Faith Pierce and Bobby Silver are moving at light speed lately. They’ve owned Yellow Brick Pizza in Old Towne East for years, but just last month they doubled their responsibilities by opening a second location on King Avenue. And just as that’s getting up and running, this month they’re preparing to open a bar called The Oracle near the original Yellow Brick.
The road to get to today has more than a few wobbly bricks. Before they became business partners, they fell in love. They got married in 2010, and together they bought Yellow Brick the following year. Then Silver went on tour, traveling the world playing bass for the rapper Blueprint. Pierce stayed home to manage the restaurant. It wasn’t a recipe for a successful marriage. The pressure and the distance proved too much, and they divorced.
You might expect such a seismic event to sever their business partnership, too. You’d be wrong. While the split introduced a host of new challenges, they stuck it out.
“We’re very stubborn,” Pierce said.
“A lot of people get an idea of what divorce is, and they hear horror stories,” Silver said. “But we get to decide what our relationships consist of. Faith and I beat the odds together. We’re a divorced couple who maintained our partnership.”
As he spoke, the two of them looked at each other. “There’s just so much love here,” he said. “And every morning she’s the first person I talk to. She says, ‘Good morning, sunshine’ and shit.”
“I say it with a lot of sarcasm,” she said with a laugh. They both laughed.
You can tell there’s love there. It’s not romantic love, but it’s a friendly kind of love, and they’ve managed to keep it at the foundation of their business partnership. It’s not a story you hear often.
Not that the divorce had no effect. It forced them to clarify their roles in Yellow Brick. Pierce, who’s been working in restaurants since she was 15, runs the operations and business side of things. She maintains a staff of nearly 50 people who work together to keep customers happy. Silver, a CCAD graduate who feels more at home in creative pursuits, handles things like marketing, social media, and PR. He’s also responsible for the look of the restaurants, and choosing the art that hangs on the walls. (Five years ago, he and Yellow Brick artists were also responsible for the cover of this very issue).
Today, despite many competitors in the local pizza scene, Yellow Brick is thriving. And with the new location on King Avenue and The Oracle’s opening this month, they’re keeping busy. You know, moving at light speed.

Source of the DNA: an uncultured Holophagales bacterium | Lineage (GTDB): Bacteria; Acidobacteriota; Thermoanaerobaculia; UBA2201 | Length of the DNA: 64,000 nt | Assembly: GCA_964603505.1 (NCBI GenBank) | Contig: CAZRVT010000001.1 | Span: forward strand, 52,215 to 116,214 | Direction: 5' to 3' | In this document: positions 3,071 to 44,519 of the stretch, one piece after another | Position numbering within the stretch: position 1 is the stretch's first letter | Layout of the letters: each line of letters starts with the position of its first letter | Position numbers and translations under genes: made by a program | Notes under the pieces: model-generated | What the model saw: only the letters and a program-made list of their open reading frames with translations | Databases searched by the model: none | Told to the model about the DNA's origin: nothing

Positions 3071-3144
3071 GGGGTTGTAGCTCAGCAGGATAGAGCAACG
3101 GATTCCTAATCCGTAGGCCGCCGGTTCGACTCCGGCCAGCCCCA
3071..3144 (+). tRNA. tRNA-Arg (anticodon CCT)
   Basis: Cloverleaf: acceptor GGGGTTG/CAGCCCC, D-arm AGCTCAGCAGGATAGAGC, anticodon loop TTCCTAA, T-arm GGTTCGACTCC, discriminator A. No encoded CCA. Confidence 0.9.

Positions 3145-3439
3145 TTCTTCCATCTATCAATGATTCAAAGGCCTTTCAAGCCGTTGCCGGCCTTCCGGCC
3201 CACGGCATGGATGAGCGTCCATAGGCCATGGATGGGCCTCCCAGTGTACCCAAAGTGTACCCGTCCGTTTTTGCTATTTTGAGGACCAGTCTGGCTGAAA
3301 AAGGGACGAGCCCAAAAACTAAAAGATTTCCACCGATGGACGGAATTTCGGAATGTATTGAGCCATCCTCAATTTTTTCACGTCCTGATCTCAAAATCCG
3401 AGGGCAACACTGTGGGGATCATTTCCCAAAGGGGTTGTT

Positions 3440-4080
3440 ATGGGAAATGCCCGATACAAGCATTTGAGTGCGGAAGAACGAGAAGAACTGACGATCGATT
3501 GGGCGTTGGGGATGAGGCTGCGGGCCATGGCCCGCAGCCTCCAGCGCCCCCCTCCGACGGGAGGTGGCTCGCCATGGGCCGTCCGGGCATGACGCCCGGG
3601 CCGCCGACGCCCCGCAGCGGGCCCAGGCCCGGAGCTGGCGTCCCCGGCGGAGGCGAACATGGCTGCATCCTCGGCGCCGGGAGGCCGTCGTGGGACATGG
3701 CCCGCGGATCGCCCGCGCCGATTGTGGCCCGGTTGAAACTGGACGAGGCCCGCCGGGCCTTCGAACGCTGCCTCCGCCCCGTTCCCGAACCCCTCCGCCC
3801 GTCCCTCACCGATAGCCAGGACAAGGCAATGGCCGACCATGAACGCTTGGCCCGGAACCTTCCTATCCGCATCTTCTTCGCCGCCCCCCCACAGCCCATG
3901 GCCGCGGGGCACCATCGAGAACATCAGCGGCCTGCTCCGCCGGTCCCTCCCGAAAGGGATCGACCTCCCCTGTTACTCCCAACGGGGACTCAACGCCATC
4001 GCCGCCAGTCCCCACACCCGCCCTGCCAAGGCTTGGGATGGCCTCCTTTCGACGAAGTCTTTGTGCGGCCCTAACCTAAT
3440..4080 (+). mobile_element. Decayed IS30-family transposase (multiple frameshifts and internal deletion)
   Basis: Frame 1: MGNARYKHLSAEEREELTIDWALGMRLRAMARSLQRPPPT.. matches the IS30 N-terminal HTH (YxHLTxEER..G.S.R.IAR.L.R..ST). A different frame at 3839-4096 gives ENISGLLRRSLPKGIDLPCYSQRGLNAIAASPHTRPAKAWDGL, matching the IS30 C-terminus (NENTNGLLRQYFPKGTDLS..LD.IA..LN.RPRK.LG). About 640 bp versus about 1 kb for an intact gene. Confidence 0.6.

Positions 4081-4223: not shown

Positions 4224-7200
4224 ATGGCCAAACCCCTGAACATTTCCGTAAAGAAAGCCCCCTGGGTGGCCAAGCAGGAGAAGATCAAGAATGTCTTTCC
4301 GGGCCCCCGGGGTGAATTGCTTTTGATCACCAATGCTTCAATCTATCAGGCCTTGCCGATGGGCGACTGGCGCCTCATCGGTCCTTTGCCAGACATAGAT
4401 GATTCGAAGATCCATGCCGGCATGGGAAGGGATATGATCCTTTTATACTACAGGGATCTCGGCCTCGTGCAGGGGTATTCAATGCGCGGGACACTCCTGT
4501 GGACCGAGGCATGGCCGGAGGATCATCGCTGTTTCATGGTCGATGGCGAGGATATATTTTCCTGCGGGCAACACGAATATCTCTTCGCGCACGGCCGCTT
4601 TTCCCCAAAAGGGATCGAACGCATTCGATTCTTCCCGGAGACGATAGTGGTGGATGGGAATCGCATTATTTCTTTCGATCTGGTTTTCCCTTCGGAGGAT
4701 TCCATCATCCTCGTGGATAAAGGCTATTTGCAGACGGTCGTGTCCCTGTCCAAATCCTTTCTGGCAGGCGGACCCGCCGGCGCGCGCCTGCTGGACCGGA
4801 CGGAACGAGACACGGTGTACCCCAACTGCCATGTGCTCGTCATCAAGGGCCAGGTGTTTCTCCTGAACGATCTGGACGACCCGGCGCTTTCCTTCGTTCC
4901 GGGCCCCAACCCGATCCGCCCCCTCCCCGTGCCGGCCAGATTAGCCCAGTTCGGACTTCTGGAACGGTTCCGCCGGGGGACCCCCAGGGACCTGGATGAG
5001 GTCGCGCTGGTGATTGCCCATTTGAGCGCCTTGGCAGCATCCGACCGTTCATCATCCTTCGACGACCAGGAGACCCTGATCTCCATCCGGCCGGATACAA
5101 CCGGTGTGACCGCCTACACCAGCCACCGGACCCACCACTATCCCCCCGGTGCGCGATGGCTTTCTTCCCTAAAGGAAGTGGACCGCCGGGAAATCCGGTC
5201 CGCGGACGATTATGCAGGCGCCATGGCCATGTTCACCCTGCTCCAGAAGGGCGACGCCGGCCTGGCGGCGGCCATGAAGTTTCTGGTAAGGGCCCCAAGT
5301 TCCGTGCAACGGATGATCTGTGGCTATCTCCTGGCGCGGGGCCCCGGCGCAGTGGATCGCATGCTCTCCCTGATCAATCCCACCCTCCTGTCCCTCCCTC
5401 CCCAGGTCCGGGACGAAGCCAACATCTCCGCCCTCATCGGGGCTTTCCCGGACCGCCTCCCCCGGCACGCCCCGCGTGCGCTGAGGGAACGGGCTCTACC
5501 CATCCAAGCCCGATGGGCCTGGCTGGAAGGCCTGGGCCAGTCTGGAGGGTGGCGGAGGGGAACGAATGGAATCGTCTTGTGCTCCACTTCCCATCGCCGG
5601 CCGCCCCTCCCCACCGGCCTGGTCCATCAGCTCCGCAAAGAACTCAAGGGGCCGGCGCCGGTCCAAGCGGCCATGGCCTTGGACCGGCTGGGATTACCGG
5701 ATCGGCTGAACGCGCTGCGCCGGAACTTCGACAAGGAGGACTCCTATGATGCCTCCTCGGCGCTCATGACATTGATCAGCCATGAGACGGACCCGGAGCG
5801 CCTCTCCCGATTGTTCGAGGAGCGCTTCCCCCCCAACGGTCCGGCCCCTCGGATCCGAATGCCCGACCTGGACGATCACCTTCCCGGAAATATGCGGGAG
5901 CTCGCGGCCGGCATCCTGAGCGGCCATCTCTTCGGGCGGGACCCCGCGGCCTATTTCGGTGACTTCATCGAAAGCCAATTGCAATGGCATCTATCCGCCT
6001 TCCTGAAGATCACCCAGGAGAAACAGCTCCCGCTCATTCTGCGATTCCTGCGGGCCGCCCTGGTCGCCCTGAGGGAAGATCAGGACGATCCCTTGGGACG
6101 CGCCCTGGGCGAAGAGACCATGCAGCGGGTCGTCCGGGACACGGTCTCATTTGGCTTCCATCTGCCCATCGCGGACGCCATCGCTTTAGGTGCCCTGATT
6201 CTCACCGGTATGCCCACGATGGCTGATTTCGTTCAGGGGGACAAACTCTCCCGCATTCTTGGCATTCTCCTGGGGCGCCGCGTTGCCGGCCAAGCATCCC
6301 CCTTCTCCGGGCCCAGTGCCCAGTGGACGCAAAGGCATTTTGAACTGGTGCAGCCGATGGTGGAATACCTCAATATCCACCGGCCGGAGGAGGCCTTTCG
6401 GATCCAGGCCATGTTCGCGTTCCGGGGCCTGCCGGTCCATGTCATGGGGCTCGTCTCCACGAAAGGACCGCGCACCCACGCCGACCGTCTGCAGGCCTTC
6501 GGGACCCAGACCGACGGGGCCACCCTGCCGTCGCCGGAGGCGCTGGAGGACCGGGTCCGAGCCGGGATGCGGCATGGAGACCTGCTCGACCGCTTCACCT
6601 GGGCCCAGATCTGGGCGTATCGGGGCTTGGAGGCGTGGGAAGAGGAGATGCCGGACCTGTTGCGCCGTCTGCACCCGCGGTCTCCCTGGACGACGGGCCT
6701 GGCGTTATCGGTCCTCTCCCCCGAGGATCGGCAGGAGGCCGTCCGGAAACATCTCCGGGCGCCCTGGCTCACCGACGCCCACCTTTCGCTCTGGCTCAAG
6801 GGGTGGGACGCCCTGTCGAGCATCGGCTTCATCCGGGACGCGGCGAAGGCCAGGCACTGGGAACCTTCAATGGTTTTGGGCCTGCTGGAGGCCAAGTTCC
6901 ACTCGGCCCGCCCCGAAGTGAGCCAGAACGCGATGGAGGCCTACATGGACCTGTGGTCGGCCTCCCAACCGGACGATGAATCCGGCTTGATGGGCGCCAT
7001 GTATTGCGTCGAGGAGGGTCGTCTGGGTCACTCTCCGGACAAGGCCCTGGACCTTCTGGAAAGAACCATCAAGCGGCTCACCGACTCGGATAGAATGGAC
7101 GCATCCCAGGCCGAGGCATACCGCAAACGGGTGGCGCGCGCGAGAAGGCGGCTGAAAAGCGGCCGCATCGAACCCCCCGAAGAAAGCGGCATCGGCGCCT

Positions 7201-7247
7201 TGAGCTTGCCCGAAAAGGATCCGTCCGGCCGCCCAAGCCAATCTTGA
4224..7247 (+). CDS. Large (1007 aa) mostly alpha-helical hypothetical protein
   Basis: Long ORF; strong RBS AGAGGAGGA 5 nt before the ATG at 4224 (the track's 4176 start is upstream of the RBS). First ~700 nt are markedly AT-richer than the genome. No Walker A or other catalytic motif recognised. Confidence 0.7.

They weren’t planning to open two new places in the span of a month. But in business as in life, things rarely go according to plan.
A few years ago, Pierce and Silver put themselves on a waiting list for a liquor license in Old Towne East. They figured they might be ready to open a new location by the time they got it. If not, they could sell it to someone else who needed it.
Before the liquor license came through, the King Avenue location came to their attention at a price that was too good to pass up. They locked it down and began turning it into the second Yellow Brick Pizza. Over the course of a year, they revamped everything. They installed ovens and redid the HVAC system. They put in the bar, tables, and booths, and hung a bunch of local art on the walls. Silver made the chandelier that hangs above the entrance. If you look closely, you’ll notice it’s made of translucent nunchucks. It’s all part of the YB vibe.
Everything was going at a reasonable pace when the liquor license they’d applied for came through. And just as it did, a perfect location became available near the original Yellow Brick. Despite being swamped with work running one pizza place and preparing to open another, they decided to jump on it.
They felt like they had to, because they have a lofty goal for The Oracle. They’re concerned about the fractured state of America, and they want The Oracle to be a place where different kinds of people can come together and share ideas.
“The Oracle is a hangout,” Silver said. “It’s basically an upscale dive bar. What we’re trying to do is get people back in the same room with each other. We want a lot of people with crazy-diverse backgrounds to come together and find common ground and understand each other.”
Can one bar help unite the country? Maybe it’s not a crazy idea. Change happens when people come together.
“As long as you’re not a dick, spitting hate speech, you should feel comfortable there,” Silver said. “That’s the America we really need.”
You know what? He’s not wrong.
The new Yellow Brick Pizza is open at 245 King Ave. The Oracle opens 5.23 at 1159 Oak St. in Olde Towne East. For more, visit yellowbrickpizza.com.